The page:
Denver International Airport (DIA) has an interesting, and somewhat troubling, history. Opened in 1995, there was civic controversy about building a new airport in the first place (old-timers thought Stapleton was just fine). But what was unexpected were the rampant rumors and conspiracy theories about the behemoth airport.
Some are more outlandish like that DIA was built by the New World Order (it was funded by something called the “New World Airport Commission”), Freemasons were involved in construction and that the Illuminati headquarters are underneath the airport. Also, according to some, the tunnels below house lizard people and aliens and, when the apocalypse hits, they will be used to house the world’s elite.
Type “Denver airport conspiracy theories” on YouTube and you’ll enter a genuinely bizarre wormhole. Even Stephen Colbert, some years back, got into the spirit.
The art in the airport is unique and has its own weird tales, too. The evil-looking blue horse with red eyes at DIA’s entrance (known to locals as Blucifer) killed its sculptor (kind of … a section of the huge sculpture fell on artist Luis Jimenez and fatally severed an artery in his leg). Murals in the terminals attract all kinds of odd theories (especially around the apocalypse) and two huge gargoyles stand watch over baggage claim.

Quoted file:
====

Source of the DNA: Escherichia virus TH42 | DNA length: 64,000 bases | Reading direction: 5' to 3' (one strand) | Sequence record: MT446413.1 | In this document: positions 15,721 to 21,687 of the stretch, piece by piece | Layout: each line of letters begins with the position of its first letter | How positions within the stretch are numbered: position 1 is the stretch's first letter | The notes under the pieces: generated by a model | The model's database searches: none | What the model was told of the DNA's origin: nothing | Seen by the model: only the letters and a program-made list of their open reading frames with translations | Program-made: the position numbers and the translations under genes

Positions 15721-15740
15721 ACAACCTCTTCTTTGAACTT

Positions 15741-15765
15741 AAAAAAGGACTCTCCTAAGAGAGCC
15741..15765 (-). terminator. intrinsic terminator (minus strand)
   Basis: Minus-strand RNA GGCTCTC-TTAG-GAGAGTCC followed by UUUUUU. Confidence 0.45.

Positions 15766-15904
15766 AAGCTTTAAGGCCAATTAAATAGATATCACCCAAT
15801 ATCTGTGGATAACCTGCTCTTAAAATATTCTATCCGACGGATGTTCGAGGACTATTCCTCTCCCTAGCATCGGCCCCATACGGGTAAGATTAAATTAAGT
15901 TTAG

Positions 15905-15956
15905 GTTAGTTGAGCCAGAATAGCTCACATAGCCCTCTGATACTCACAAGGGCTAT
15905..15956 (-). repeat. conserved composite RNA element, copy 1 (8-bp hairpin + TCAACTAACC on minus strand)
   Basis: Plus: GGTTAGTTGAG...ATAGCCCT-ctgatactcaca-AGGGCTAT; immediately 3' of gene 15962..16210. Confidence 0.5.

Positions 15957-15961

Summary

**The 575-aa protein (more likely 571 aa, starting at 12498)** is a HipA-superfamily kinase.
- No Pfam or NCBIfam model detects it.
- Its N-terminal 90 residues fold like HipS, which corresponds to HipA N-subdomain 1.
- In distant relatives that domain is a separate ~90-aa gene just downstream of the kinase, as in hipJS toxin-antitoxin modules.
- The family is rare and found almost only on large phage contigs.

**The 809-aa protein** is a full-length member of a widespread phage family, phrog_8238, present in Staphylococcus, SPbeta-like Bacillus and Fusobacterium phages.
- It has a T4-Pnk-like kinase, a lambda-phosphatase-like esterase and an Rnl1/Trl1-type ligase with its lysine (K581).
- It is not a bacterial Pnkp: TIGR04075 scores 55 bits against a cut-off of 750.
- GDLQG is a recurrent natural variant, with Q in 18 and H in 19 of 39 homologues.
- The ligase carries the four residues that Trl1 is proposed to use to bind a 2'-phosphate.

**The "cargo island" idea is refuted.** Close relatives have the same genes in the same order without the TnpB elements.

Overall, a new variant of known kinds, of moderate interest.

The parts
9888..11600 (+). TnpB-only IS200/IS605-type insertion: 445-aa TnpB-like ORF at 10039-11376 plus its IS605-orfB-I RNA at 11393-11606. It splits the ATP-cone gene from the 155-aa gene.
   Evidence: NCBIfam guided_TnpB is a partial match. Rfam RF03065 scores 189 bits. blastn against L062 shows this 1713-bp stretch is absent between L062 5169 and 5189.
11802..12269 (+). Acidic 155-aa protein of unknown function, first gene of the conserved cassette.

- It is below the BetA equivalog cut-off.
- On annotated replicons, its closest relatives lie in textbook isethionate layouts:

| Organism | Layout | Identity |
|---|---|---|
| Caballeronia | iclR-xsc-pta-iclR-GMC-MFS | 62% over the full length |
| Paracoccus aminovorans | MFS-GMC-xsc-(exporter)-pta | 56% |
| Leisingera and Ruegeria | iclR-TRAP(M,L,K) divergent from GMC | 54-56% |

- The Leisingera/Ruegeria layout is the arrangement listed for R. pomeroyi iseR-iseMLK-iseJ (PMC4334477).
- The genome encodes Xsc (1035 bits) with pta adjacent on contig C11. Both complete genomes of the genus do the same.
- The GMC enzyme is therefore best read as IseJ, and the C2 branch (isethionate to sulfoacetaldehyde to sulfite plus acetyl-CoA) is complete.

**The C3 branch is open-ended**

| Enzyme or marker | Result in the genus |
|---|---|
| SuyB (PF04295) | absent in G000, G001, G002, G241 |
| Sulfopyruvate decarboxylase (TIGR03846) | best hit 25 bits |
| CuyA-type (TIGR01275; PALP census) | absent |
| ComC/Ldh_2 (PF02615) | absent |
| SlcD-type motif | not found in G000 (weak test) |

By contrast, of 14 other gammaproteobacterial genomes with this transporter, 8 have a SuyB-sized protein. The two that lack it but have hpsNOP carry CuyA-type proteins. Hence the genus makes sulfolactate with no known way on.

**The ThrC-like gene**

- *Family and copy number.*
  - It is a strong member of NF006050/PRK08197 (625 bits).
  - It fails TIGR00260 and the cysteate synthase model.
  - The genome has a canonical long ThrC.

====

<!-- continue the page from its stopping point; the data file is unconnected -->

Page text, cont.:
To its credit, the airport hasn’t tried to beat back the conspiracy theories or its quirks but has embraced it, using an homage to the X-Files, the #DENFiles, to help add some fuel to the fire. A three-year $650 million renovation is underway and with help from Denver indie agency Karsh Hagan, DIA is keeping the schtick going.
“Instead of saying ‘pardon our dust,’ it’s all about the lizard people,” said Dave Cook, executive creative director at Karsh Hagan, referring to the construction signs dotting the airport.
Indeed, each sign makes a point, doesn’t take itself too seriously and covers every conspiracy theory in DIA’s book.
Another added touch relates to the airport’s gargoyles at baggage claim, which will be in storage until the project is completed. In the main hall, a motion-controlled, animatronic version will be in place to surprise and delight guests. To promote the installation, the agency enlisted an improv actor (imagine a version of Ron Burgundy from Anchorman) to interact with passengers and airport employees as they walked by.
“We’re making lemonade out of lemons with the construction,” said Cook. “But it’s also very Denver. We’re lucky that we have a great airport and a great client.”